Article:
I also liked the oak grilled ruby trout ($14.75), which anywhere else might have been brushed with butter while grilling to give it extra flavor and moistness, but the butterflied fillet was fine by itself, a full-flavored fish with a mouth-filling texture. It was served with wild rice, simple slices of tomatoes that burst with flavor, and broccolini.
Simplicity was the key for the grilled jumbo sea scallops ($17.95), big, thick discs of tenderness, served with orzo, and grilled asparagus. And lest you think a kitchen counting calories would never feature a juicy steak, the grilled filet mignon ($19.75) will convince you otherwise. It was a meltingly tender hunk of meat, seemingly larger than its advertized six ounces, and coated with a tamarind glaze. This, by the way, was the most expensive item on the menu.
And while the bread basket has been banished, there are some breads of a sort. There are a number of flatbread appetizers, not quite crackers, not quite pizzas. My guest and I had the spicy firecracker shrimp flatbread ($9.75), topped with chili peppers and caramelized mozzarella. It was not light on the spice.
Other appetizers included a large bowl of Prince Edward Island black mussels ($8.50), steamed in chardonnay and flavored with shallots, which made a modest broth; and a rather ho-hum presentation of tamarind glazed chicken breast skewers ($7.25), although the pineapple salsa that accompanied them was wonderful.
You’d be hard pressed to find a more satisfying salad than the one of Early Girl and Sungold tomatoes ($5.75) topped with pleasantly bitter watercress and sprinkled with salty blue cheese crumbles.
Instead of going sugar-free on the desserts, although there might be one or two so promoted, the tray features an array of “mini indulgences,” shooter-sized shot glasses all sorts of goodies for $1.95 each. I especially liked the bing cherries jubilee and the carrot cake with rum raisin sauce.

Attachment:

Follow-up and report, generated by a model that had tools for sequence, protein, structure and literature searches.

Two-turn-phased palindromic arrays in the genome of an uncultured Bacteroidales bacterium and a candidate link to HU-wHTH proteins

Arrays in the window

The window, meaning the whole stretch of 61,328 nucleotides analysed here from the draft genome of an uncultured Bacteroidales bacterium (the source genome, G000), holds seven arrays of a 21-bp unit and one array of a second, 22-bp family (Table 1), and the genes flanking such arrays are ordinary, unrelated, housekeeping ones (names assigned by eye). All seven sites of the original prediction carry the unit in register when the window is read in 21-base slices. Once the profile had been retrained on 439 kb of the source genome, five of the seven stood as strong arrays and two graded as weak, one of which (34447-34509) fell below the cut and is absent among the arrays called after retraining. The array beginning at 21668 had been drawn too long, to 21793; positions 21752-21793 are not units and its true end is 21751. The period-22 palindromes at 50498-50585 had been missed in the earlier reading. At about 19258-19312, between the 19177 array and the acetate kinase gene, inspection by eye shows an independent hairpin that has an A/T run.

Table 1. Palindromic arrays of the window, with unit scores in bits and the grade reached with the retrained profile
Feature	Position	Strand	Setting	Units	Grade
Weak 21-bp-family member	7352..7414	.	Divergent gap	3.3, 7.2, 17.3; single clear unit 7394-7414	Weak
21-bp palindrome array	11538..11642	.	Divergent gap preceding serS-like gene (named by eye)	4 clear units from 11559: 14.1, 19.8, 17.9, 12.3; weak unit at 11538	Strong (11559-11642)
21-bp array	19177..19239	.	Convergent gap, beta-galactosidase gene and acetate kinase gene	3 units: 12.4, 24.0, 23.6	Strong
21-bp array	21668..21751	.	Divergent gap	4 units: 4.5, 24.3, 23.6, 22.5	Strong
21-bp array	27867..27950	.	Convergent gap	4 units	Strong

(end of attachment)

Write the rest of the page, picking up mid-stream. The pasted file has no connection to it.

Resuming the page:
The dining room exudes warmth with its dark woods, stone, comfortable booths and mood-setting lighting. There are a couple of large trees in the center of the room that look as though they’d rather be outside, but otherwise it’s a lovely ambience.
Service was superior. Menu knowledge was first-rate and the staff all carried themselves with professionalism. Another innovation that Seasons 52 is using is handheld devices that allow the servers to take orders electronically and send them instantaneously to the kitchen. It also allows credit cards to be processed right at the table – or curbside if you call in for takeout. There are still some kinks to work out, such as when buttons are accidentally punched and phantom orders sit on the pick-up counter, but they’re eventually figure it out.
The remaining question is whether Seasons 52, which has become instantly popular and is crowded most evenings with people willing to wait an hour or more, can work as a multi-unit chain. It would seemed to me you would have to clone Miliotes and Pleau, because certainly their mark is one this prototype. But they’ve also shown themselves to be masters of training, and if they can find the right people, die-hard foodies who share their passion for excellence in whatever they do, then there will be a Seasons for everyone.